How long can you make it? Here are the first 500 decimal places to get you started:



A Homemade Spirograph

All it takes is a few minutes with a Spirograph to remind you how fun drawing a plain circle can be!


What you need:

  • A round cake pan (or other flat, round pan)
  • Cardboard
  • Scissors
  • A rubber band
  • A pencil
  • Paper
  • Tape

What you do:

  1. Measure the diameter of the cake pan.
  2. Draw a circle with a diameter half that of the pan. You can do this easily by making one side of the square you use to draw the circle (as described in the activity above) the length you want for the diameter.
  3. Trace it on the piece of cardboard.
  4. Put the rubber band around the edge of the piece of cardboard.
  5. Cut out a piece of paper to fit the bottom of the pan and use tape to hold the paper in place so it doesn't move around.
  6. Poke a hole in the middle of the cardboard. If you don't want to make circles, you can get weird shapes by making the hole away from the center of the circle.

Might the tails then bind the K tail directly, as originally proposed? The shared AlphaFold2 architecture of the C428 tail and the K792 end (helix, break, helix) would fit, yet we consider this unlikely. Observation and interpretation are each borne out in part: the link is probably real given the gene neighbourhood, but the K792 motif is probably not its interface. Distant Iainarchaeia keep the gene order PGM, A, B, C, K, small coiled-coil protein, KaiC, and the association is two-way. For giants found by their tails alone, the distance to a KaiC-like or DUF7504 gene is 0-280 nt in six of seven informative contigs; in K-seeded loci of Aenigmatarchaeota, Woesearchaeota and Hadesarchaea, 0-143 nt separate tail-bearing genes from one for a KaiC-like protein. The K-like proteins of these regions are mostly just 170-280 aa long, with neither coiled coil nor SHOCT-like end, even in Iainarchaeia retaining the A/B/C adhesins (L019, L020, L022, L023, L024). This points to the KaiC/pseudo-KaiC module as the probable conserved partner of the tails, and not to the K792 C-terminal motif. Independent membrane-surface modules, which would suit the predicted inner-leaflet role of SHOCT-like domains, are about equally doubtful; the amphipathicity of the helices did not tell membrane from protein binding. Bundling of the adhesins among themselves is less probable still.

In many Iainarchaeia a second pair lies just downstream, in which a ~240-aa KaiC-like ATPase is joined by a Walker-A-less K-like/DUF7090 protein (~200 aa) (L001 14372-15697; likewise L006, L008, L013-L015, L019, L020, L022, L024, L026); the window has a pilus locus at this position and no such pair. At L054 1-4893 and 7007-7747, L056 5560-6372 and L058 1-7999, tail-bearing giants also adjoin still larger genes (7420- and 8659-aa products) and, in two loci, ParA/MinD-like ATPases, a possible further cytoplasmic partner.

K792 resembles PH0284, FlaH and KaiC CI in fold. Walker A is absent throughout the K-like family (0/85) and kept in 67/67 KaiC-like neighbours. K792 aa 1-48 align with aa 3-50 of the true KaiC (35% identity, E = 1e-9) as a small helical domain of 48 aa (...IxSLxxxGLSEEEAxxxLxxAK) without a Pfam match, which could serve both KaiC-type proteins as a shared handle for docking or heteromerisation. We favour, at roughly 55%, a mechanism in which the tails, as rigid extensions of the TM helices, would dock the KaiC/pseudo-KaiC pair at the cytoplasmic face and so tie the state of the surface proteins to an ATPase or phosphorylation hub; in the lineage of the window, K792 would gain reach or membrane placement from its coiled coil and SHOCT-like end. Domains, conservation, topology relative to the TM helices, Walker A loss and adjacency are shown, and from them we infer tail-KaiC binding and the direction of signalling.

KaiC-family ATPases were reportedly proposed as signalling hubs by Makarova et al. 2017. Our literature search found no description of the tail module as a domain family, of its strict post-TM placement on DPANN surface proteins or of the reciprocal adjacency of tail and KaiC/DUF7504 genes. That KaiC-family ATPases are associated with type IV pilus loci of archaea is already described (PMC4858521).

7. Put the pencil in the hole and move the circle around the cake pan. Hold the edge of the pan with one hand so the pan doesn't move while you're moving the circle. The circle will guide the pencil to make cool shapes on the paper in the bottom of the pan. Try it with different color fine-tip markers. The circles you're drawing are called hypotrochoids. Cool name, huh?

Use Martin Gardner's Spirograph to see that same idea on the computer.

(We need to give credit for this idea to Martin Gardner, a mathematician who wrote about cool things to do with math in Scientific American).


Pilish Poetry

Pilish is a form of writing based on pi. When writing in Pilish, the number of letters in each word used correspond to the digits in pi, meaning the first word will have 3 letters, the second 1 letter, the third 4 letters, until you’ve reached a stopping point. For an example:

Was I just a happy jellyfish, so bouncy, light, and small, drifting clockwise however aimlessly, sea to sea, evermore.